Every mother will tell you there was something she swore she'd never do as a mom and laughs at how motherhood has a sense of humor when you say "never'. For me it was thinking getting a babysitter was easy. I still laugh as I type that! Recently though, pregnant with my third, it was the whole "gender disappointment" I thought was a hoax. Maybe it's because we try to adhere to a more fluid idea of gender and work to unearth gender stereotypes. While not fully non-binary, in our family we believe the child decides the gender. Well the universe took that one and humbled me yet again.
With both our son and daughter I felt very strongly what their sex was and was correct both times. This time I felt for sure it was another girl. All of my cravings were the same as my pregnancy with O, baby's heartbeat was high, and I had had a dream, as I always do, it was a girl. Our 13 week scan rolled around and since this was a happy surprise third baby, I agreed to take the element of surprise out of the sex of the baby. And there it was: 98% sure a boy! I got real quiet and once home broke down in tears and actually found myself tearful a number of times that week. But why would I be so upset over a simple piece of genitalia, when I know deep down this little one will be the one to truly decide who they are. Maybe this is this one's way of saying hey mama I may have boy parts, but really I identify as a girl? But as I dug deeper and took a day to disconnect, take the older kiddos hiking and get grounded I realized the root of this disappointment was actually really fear.
Thankfully after years of therapy deconstructing everything around T's premature birth and NICU stay, rocky first year and the PTSD/PPA that resulted, I have learned the tools my therapist has offered of when to pull on those threads and when to determine what thoughts are anxiety and what are legit concerns. The fear I was staring at was all the little bits I had not faced from all that baggage of T's birth. It was the script I had written in my head for 4 years now that my body is incapable of growing boys to term. That script was then "supported" by O being a girl and being term at 38 weeks. Some of that comes from the millions of theories of why T was born early, which my therapist reminds me time and time again, is just that: a theory. This particular one was that my short torso and small frame can't carry larger babies and boys tending to be larger (longer, etc.) means I'll inevitably go into preterm labor with boys always. Sounds so silly typing it all out now! After talking with dear friends and my mom I realized how far fetched these fears really were and reminded that I have an awesome team of doctors and midwives ensuring I get as close to term as possible. For those that don't know what that looks like it means duel care of prenatal care with the midwives at Special Beginnings and care starting at 13 weeks with maternal fetal medicine specialists (i.e. checking cervical length every other week and getting progesterone shots weekly starting at 16 weeks).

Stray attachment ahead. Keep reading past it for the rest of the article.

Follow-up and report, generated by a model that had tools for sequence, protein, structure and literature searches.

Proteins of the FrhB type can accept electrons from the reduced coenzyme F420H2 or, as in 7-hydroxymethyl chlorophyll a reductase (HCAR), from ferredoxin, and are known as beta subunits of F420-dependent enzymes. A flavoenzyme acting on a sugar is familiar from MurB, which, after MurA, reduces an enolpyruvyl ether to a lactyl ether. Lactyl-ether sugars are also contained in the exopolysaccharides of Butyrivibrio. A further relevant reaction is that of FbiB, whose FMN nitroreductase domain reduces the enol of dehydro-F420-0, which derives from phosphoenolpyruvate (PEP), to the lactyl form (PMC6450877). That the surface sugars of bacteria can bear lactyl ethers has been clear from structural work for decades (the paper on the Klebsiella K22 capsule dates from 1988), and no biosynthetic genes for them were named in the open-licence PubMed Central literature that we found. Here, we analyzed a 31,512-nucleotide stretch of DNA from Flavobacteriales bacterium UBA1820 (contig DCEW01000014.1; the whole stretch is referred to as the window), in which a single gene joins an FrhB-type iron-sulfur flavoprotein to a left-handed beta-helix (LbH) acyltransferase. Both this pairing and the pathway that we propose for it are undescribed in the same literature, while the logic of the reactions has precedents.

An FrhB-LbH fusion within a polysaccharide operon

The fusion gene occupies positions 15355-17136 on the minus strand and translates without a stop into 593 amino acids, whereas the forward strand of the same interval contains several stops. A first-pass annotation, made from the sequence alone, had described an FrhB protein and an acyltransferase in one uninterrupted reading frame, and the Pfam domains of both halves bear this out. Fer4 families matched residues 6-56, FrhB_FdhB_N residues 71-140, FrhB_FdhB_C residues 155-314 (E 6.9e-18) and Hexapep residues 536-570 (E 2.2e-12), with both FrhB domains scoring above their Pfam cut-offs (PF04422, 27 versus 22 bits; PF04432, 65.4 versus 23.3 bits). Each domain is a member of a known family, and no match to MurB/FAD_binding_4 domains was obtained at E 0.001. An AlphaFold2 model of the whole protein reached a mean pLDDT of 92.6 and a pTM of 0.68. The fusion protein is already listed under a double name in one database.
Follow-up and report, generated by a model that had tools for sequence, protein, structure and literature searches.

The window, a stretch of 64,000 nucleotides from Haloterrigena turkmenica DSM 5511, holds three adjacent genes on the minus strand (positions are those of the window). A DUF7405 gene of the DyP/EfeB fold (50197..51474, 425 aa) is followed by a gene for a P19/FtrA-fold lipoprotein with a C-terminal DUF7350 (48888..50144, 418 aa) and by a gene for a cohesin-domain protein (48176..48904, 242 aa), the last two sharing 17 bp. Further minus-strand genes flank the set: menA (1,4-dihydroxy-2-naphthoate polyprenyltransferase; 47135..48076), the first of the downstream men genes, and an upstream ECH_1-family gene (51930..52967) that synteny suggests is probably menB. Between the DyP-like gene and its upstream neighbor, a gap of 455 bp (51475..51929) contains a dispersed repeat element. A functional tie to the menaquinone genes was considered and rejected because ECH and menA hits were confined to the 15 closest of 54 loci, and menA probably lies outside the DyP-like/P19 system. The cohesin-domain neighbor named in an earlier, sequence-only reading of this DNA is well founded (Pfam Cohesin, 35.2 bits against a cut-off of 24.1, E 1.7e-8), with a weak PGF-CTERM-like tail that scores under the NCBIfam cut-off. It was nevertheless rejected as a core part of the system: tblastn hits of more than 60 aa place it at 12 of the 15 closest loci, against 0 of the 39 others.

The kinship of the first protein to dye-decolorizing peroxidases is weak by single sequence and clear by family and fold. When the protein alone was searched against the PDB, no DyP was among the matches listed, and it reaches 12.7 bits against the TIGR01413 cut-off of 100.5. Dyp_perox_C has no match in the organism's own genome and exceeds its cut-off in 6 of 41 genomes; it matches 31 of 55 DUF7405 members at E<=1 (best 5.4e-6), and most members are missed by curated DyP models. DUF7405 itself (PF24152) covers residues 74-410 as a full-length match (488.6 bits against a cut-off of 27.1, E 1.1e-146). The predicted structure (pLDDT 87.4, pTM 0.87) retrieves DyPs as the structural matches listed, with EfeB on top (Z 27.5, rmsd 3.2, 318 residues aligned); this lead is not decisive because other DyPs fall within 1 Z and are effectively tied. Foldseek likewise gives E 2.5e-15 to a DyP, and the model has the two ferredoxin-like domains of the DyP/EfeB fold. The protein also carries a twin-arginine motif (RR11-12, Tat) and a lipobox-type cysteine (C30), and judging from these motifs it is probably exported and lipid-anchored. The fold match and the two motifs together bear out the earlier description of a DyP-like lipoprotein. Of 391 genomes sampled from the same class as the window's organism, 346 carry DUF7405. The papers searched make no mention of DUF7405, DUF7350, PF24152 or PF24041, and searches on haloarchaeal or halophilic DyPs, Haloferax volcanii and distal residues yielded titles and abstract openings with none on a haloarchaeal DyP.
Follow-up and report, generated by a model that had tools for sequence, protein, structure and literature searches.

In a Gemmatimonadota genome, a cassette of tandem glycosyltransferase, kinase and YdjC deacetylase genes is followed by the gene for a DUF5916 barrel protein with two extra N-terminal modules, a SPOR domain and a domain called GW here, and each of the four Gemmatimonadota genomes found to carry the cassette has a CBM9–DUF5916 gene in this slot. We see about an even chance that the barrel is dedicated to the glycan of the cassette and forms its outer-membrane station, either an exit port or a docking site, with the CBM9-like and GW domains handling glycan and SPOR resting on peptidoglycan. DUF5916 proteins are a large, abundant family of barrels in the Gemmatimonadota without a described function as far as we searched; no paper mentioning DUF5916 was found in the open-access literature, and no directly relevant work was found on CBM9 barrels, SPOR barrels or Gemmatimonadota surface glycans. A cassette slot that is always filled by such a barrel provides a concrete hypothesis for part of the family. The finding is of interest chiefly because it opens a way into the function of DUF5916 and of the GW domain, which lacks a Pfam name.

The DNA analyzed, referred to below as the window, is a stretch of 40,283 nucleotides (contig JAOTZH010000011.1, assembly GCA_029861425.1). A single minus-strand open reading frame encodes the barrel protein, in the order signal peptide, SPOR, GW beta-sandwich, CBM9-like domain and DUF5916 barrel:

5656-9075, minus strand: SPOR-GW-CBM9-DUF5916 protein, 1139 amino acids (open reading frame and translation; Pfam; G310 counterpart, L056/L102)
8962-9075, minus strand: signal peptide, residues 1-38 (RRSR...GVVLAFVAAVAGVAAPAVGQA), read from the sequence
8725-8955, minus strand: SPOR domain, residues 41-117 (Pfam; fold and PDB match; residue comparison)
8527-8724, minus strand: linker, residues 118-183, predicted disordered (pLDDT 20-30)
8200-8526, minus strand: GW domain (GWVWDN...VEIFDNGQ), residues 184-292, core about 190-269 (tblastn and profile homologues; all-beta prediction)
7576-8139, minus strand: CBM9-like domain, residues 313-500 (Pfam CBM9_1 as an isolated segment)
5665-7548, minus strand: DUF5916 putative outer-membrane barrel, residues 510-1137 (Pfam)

Now that we have it confirmed with the most recent scan that yes indeed baby's sex is still male, I have completely come to peace with having another boy. I realize nothing would be more perfect for our family and for our last baby. With O's fierce spirit, she needed to be the only girl keeping her brothers in line! As with each child I find they give me the gift of more lessons learned, and this sweet one I believe is teaching me to finally fully trust myself, my body and baby. The name we have picked out really brings everything full circle and is a reminder that this little one is exactly what our family needed, whether we realized it or not! And something tells me that this one has their dad's knack for mischief, from sneaking into my uterus, to surprising us with their sex and just watch they'll be the only one who gets to their due date. Thank you little one for all that you're already humbly teaching me.